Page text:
Welcome to the Bunnings Workshop community @NoComment. It's brilliant to have you join us and many thanks for jumping into the discussion.
It's fantastic to hear this project has inspired you. Let me mention @Allan72, so they are notified of your kinds comments.
I've been making great use of our Merbau screening around my property to hide those unsightly bits and pieces. It can be budget-friendly and is ready to be installed. Some great examples are the SpecRite 1800 x 902mm Merbau Slat Screen Panel and SpecRite 1800 x 600 x 33mm Merbau Garden Fence Panel.
We look forward to hearing about your projects around the house and garden, and we'd encourage you to let us know if you ever need assistance or would like to share them with us. I trust you'll find loads of inspiration within the community as our amazing members are contributing their projects here every day.
Wondering - what is the best way/product to fix the sleepers on top? And would it be suitable to sit on, or just more of a bench or aesthetic solution? Thank you !
Normally the ever-helpful @MitchellMc would be on hand to assist but he is taking a well-earned break this week. Many thanks for your patience in the meantime. We are looking forward to reading more about your own plans.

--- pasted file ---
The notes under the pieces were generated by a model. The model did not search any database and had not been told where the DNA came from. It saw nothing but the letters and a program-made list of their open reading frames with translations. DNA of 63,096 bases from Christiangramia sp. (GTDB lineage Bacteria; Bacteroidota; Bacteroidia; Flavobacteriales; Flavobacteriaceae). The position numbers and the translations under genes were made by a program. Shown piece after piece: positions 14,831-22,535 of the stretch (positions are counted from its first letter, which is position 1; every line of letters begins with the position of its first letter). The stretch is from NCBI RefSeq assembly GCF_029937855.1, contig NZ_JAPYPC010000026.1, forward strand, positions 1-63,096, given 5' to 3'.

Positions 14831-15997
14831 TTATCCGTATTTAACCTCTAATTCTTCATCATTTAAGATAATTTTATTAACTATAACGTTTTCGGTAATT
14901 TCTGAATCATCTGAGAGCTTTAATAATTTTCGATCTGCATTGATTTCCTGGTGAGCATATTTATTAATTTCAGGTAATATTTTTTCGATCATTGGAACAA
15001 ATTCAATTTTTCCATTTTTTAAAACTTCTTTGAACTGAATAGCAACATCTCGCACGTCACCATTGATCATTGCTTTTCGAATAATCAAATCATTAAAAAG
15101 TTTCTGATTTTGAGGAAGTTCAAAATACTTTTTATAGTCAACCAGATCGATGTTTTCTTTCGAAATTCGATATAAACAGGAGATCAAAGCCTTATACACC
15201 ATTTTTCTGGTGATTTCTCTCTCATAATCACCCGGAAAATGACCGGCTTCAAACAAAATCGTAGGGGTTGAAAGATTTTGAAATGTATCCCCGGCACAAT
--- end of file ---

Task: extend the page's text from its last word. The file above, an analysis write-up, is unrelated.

Hi @jodee-bee if it was timber it's easy enough to screw them down using long bugle-batten landscape screws but as it appears they are concrete sleepers you'd need to use a suitable landscape-grade construction adhesive.
If properly fixed this way they should be suitable as a light-duty bench-seat.
Great project, well done @Allan72 and excellent points on ladder safety. Maybe worth bringing up this older video of mine with some ladder use tips...
I secured the timber sleepers to the concrete sleepers using galvanised masonry anchors (2 per sleeper). I drilled through through the timber sleeper and then drilled corresponding holes into the sleeper. I was careful not to make the hole too much of a tight fit for the anchor as I didn’t want to risk cracking the sleeper as I fastened it in (with a socket wrench). It worked well - no cracking, even after a couple of years. They are stable and can be walked on, which I often do to cut the hedge you can see above the fence. I also applied a small bead of silicone around the top of the hole as the anchor’s were fastened in, just to provide some protection against moisture getting to the sleeper’s internal reinforcement bars. The other option is to glue them down as per @Adam_W @‘s suggestion. This would work too and I did think of it at the time. I went with the anchor screw as I thought it might make it easier to remove/replace the wooden sleeper if and when I needed to. Hope that helps.
Thanks @Adam_W. Great video! It was the safety bracing on the 6’ safety ladder that got me a couple of years ago. I had engaged only one of the two safety braces and it became dislodged as I moved the ladder, often, when working on a pergola. I didn’t end up in hospital but gee whiz the fall hurt. I ended up with a big impact cut on my stomach. The scar is still there today and it is a good reminder that complacency kills.
No worries @Allan72 and ouch... so easy to do isn't it? I think statistically that ladder falls year after year make up the highest number of accidents in the home for blokes over 50...
And yes, masonry anchors can work well in such situations but personally I'd avoid any of the 'expanding' type bolts. Screw-bolts are the best choice when you have thinner masonry substrates or are close to an edge.